FORMER England captain Phil Vickery yesterday reluctantly accepted defeat in his long battle with neck and back injuries, admitting: “enough is enough”.
The World Cup winner brought down the curtain on a distinguished career after being advised his body had taken enough punishment in 15 years as a professional.
Wasps skipper Vickery, 34, came back from four operations but has been in severe pain since damaging his neck for the latest time against former club Gloucester last month.
“There are so many emotions,” said the former Lion. “It’s all been very whirlwind. I’ve been lying in bed at night thinking what to do and what’s right, but think I’ve made the right decision and it’s a decision I’m happy with.
“The more I look back and think about it the more I think what I’ve done is fantastic. I can look back with a lot of fond memories but of course it’s sad. I’m not finishing because I don’t want it anymore. It’s just enough is enough.”
He added: “It’s not a nice feeling and ultimately I’m a sportsman so in my head it feels like admitting defeat.”
Vickery’s disappointment is all the more acute as he had been in talks with Wasps about a new contract and harboured hopes of adding to his 73 England caps at next year’s World Cup.
That tournament holds two of Vickery’s best rugby-playing memories, the 2003 triumph in Australia, and the tournament in France four years later, where Vickery captained England to defeat in the final.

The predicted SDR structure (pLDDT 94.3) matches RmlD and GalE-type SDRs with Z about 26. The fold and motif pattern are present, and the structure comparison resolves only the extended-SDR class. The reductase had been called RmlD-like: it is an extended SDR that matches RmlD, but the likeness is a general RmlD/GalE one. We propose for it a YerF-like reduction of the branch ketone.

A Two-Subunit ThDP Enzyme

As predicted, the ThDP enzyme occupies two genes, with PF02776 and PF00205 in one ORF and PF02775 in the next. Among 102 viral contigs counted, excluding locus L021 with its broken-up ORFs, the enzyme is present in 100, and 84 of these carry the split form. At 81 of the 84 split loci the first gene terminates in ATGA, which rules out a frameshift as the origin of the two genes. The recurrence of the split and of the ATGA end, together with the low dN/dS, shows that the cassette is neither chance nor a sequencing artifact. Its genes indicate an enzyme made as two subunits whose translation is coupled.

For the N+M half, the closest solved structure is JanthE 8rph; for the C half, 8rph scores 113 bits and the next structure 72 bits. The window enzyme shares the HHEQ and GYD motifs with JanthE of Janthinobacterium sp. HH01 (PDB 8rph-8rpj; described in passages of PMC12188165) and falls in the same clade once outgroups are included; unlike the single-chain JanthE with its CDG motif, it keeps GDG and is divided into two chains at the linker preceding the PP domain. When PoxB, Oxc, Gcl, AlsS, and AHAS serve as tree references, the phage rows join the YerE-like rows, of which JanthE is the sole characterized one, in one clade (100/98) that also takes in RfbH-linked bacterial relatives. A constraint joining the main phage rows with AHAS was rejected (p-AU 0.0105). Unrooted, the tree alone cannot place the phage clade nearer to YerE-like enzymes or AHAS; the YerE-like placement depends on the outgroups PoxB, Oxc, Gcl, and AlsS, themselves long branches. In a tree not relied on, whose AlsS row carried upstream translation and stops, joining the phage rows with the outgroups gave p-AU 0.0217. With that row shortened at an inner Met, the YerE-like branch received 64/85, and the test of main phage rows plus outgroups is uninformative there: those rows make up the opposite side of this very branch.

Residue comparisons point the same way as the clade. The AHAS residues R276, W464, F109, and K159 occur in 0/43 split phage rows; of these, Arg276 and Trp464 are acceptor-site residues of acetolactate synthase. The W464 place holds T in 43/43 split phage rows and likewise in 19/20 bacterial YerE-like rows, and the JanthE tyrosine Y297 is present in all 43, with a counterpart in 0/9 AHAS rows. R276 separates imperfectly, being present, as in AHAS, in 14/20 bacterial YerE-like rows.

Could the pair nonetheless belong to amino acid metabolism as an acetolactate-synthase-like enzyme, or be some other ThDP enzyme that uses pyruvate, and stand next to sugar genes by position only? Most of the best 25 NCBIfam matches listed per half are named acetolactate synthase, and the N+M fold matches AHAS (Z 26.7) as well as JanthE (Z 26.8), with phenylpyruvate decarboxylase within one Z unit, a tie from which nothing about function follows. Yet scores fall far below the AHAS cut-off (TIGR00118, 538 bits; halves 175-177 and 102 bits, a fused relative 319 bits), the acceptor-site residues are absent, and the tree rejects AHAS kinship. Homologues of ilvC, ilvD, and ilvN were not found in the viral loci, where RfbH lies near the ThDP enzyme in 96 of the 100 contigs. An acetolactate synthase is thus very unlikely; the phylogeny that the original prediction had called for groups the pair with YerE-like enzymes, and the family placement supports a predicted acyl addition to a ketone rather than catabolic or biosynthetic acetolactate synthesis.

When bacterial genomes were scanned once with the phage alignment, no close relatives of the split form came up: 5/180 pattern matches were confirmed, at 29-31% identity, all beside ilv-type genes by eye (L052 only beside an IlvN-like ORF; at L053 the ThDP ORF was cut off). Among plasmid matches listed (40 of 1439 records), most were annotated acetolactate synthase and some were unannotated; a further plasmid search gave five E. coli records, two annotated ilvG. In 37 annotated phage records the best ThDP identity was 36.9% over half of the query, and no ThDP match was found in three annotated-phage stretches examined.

His career started in 1995 at Gloucester, where he stayed until a third round of back surgery precipitated his departure to Wasps, who were prepared to offer him a longer contract.
Vickery reaped the rewards of the move, winning the Heineken Cup in 2007, the Premiership the following season and earning the captaincy.
The Devon-born tight-head twice toured with the Lions, in 2001 to Australia and in 2009 to South Africa, winning five caps.
England manager Martin Johnson, who played alongside Vickery at the 2003 World Cup, said: “Phil is a great bloke and epitomised the team-mate who you always wanted to play a game of rugby with.”
Wasps director of rugby Tony Hanks called Vickery “one of the greats of his generation”, adding that the club would seek to retain him in an off-field role.